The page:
The development of biogas tractors has been based on the needs of users, who expect them to operate exactly the same in all tasks, in all conditions and with all equipment whether they are run on diesel or biogas. Essentially, the operator should not notice which fuel is being used. Other key principles include maintaining a high level of efficiency, optimising the use of biogas and controlling emissions. For tractor owners, using biogas as a fuel can also mean significant savings in fuel costs.
Dual fuel tractors can be run on diesel alone or on a mix of diesel and biogas, in which case a small amount of diesel is required for combustion. In order to run on biogas alone, the engine would require spark plugs, in which case it could not be run on diesel alone.
Whereas Valtra’s first biogas tractors ran on a fixed mixture of 83 percent biogas and 17 percent diesel, the new models alter the ratio dynamically according to the driving conditions. For example, after cold starting the engine, it can run completely on diesel, whereas after hard use it can run on up to 90 percent biogas.
Developed in Sweden and Germany
Valtra’s biogas models have been developed in cooperation with the Swedish government financed MEKA project and a project sponsored by the state of Bavaria in Germany. One of the objectives of the Swedish project has been to obtain measurement data that could be used for Swedish and possibly EU legislation, as registering biogas tractors currently still requires special approval due to the lack of legislation.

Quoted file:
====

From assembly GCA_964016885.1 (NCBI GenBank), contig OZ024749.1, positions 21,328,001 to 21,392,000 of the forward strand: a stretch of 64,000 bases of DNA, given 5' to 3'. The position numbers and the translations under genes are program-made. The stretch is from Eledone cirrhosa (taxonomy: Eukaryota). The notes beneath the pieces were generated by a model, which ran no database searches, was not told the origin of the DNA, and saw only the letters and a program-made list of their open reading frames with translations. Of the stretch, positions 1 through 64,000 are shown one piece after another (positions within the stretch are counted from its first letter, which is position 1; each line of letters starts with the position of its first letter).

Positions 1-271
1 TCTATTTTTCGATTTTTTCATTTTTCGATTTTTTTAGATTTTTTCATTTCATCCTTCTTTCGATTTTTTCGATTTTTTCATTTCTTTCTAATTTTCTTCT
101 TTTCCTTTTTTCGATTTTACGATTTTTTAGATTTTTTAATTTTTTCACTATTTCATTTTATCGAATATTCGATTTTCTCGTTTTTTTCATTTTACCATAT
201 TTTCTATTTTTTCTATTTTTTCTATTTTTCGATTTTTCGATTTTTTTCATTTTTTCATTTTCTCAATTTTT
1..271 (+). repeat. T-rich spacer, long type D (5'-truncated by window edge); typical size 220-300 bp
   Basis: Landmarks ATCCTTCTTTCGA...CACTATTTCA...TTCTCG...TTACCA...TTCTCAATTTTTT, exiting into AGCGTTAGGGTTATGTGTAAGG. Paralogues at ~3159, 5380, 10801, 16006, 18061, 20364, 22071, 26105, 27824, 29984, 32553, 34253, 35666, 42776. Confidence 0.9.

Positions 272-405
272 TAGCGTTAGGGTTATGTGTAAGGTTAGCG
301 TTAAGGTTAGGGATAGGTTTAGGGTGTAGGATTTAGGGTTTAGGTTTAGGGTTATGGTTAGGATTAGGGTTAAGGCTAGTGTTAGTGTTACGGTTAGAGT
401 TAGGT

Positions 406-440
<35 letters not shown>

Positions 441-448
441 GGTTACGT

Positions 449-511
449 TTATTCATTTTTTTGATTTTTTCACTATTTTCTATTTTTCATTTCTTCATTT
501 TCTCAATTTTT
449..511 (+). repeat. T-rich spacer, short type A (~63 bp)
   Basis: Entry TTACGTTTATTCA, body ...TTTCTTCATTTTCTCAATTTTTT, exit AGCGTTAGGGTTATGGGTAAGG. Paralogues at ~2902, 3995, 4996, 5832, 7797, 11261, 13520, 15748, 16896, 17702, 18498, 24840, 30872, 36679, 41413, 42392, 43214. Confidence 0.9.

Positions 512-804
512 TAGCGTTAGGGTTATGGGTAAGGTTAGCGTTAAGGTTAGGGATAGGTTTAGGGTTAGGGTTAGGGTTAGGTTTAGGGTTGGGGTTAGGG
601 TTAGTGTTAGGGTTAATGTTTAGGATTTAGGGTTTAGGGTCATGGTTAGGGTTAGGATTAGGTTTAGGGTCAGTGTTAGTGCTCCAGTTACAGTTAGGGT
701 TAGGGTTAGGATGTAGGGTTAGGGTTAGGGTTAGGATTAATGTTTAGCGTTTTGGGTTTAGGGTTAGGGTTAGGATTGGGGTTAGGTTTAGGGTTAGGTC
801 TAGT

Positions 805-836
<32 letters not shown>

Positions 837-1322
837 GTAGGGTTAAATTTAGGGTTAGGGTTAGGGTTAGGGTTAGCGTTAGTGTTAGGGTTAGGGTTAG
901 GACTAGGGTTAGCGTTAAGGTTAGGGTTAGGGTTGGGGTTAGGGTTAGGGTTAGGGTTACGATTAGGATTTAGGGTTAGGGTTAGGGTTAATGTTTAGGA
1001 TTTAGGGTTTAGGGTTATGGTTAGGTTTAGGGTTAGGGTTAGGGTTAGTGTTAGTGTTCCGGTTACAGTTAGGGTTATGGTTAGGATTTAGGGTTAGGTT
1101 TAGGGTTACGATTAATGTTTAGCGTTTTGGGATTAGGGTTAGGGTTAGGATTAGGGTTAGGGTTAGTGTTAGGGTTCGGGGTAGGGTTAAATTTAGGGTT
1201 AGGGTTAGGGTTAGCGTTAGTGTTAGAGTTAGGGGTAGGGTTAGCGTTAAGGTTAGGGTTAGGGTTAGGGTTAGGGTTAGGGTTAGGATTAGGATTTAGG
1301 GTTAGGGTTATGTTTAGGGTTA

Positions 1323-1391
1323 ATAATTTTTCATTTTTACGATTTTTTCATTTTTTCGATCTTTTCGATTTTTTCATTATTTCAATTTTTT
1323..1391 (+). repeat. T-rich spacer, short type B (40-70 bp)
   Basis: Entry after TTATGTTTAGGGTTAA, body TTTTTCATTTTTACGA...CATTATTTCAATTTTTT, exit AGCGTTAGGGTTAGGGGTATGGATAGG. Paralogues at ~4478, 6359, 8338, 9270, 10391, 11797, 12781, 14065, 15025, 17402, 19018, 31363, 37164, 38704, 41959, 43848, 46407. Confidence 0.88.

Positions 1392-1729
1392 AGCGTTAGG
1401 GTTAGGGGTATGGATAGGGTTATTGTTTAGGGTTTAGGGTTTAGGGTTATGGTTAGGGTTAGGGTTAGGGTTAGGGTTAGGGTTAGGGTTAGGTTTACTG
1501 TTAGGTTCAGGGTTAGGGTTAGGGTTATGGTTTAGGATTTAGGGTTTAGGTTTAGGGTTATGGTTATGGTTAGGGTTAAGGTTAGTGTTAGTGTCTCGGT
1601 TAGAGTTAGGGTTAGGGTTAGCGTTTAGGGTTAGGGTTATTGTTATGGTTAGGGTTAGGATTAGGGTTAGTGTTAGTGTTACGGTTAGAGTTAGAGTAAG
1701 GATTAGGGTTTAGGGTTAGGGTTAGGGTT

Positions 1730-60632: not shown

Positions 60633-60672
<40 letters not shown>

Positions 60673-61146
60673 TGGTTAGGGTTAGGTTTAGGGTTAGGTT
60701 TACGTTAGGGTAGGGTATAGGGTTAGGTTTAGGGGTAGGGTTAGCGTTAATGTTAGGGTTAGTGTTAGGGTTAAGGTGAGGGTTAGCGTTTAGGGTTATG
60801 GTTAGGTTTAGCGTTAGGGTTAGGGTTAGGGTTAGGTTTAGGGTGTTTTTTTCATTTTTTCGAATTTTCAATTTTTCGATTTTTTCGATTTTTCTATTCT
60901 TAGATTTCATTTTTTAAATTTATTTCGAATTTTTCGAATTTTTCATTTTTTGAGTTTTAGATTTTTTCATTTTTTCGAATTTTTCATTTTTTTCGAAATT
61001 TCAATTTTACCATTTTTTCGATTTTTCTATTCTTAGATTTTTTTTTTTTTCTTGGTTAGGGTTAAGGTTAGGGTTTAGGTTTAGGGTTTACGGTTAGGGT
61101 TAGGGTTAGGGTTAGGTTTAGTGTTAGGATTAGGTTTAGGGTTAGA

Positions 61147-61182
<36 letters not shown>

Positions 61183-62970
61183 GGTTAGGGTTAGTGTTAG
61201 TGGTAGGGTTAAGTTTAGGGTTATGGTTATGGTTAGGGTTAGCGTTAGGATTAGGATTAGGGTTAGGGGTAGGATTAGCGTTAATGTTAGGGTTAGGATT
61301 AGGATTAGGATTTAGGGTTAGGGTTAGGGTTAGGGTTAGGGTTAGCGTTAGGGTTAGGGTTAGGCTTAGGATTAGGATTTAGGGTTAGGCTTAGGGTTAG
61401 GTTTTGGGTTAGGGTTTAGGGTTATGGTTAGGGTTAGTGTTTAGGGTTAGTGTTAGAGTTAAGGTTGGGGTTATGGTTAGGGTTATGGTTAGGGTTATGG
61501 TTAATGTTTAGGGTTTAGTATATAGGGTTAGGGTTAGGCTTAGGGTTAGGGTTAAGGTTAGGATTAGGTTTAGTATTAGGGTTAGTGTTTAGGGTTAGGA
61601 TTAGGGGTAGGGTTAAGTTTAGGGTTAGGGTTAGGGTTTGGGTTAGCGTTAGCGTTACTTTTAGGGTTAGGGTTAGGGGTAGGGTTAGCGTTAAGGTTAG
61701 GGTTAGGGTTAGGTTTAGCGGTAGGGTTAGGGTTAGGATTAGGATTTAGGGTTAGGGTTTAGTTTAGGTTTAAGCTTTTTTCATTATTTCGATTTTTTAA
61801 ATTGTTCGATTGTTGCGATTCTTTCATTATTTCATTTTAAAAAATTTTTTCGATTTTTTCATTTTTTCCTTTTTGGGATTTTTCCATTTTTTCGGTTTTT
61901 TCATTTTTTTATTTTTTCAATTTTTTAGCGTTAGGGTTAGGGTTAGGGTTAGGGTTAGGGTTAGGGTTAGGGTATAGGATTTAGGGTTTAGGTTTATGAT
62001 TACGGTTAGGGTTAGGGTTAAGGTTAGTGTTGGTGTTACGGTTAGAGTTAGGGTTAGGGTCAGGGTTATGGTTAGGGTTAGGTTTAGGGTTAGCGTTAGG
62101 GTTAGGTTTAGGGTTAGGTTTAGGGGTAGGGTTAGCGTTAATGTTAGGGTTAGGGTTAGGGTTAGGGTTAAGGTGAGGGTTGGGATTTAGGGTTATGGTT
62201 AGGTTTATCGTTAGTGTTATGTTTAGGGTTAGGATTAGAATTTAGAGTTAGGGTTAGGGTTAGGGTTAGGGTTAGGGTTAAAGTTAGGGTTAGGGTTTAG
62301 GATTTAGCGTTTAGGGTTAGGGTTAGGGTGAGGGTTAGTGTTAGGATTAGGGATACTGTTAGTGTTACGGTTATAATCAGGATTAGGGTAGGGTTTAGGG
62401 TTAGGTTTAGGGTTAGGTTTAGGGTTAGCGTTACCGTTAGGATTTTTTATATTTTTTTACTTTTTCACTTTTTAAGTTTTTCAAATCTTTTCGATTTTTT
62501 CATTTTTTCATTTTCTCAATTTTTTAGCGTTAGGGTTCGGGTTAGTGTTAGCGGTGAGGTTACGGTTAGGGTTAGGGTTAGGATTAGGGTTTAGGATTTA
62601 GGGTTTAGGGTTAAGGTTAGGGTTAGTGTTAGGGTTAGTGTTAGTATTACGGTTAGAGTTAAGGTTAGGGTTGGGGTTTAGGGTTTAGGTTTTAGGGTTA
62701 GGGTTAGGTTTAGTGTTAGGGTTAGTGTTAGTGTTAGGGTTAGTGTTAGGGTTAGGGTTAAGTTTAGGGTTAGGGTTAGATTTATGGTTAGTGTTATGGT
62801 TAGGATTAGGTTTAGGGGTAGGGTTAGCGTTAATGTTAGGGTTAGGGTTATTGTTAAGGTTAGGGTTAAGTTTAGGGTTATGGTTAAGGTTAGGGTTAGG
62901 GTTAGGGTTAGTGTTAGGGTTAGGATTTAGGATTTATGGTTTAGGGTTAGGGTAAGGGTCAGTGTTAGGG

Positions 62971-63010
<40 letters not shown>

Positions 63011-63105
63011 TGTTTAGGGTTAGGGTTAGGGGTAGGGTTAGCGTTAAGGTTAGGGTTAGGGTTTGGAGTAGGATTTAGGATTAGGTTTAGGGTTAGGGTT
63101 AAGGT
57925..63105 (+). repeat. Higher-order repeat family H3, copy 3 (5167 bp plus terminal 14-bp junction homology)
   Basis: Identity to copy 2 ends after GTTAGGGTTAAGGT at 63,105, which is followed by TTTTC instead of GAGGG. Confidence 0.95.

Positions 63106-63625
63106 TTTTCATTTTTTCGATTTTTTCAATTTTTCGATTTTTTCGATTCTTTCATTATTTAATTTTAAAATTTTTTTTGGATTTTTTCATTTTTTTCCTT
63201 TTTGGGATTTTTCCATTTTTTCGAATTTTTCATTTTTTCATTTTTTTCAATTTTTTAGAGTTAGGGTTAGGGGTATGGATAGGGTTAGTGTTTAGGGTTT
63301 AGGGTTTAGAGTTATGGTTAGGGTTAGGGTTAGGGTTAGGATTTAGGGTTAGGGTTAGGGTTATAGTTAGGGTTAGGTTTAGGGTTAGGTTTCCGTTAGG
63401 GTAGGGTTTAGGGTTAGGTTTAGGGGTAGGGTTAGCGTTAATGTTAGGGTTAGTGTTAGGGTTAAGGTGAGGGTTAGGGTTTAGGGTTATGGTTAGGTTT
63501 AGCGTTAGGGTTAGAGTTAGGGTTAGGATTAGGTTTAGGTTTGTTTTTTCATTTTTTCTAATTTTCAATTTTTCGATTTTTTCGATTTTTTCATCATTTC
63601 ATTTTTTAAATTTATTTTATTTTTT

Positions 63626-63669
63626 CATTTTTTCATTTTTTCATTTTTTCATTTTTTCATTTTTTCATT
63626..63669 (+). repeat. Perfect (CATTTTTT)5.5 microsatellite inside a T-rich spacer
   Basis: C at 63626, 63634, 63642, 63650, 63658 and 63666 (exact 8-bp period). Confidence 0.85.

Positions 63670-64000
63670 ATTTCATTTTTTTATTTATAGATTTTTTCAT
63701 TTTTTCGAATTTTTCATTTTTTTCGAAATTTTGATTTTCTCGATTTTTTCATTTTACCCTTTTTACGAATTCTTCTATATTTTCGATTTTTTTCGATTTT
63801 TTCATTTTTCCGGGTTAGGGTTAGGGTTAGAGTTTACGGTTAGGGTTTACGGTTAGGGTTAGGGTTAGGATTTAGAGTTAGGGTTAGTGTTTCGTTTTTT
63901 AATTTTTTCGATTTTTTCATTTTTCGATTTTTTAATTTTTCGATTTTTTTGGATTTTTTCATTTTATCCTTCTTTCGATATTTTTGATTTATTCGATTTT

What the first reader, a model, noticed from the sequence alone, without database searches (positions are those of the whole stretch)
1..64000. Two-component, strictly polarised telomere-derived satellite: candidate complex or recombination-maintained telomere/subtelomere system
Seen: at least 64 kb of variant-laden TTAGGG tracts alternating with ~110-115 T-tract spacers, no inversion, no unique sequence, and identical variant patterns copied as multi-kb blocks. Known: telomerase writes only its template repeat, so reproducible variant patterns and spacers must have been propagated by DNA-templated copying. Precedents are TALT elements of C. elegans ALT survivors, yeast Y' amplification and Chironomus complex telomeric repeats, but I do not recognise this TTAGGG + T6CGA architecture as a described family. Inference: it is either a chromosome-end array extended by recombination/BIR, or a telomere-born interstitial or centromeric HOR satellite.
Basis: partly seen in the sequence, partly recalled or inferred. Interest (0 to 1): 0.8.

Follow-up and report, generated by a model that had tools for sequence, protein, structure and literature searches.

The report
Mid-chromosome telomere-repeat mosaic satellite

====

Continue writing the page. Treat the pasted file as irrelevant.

Dual fuel tractors have also been received well in Russia, where Valtra was awarded the silver medal at the AgroSalon exhibition in Moscow last year. The alternative fuel used in Russia is not biogas, however, but natural gas.
Recent development work has focused on increasing series production and managing emissions. Biogas tractors are essentially environmentally friendly, since they run on a renewable fuel. However, work continues on reducing the nitrogen oxide, particulate and especially methane emissions of biogas tractors. Since some methane does not combust in biogas engines, intelligent engine management systems and various catalytic converters have been developed to combat this problem.
In order to facilitate series production and spare parts service for biogas tractors, all the components have been standardised and documented. For example, the fuel tanks and their frames are delivered to the assembly location as a single package, the exhaust pipe has been redesigned especially for biogas tractors, and the methane catalytic converter has been converted to fit the shell of a traditional DOC catalytic converter.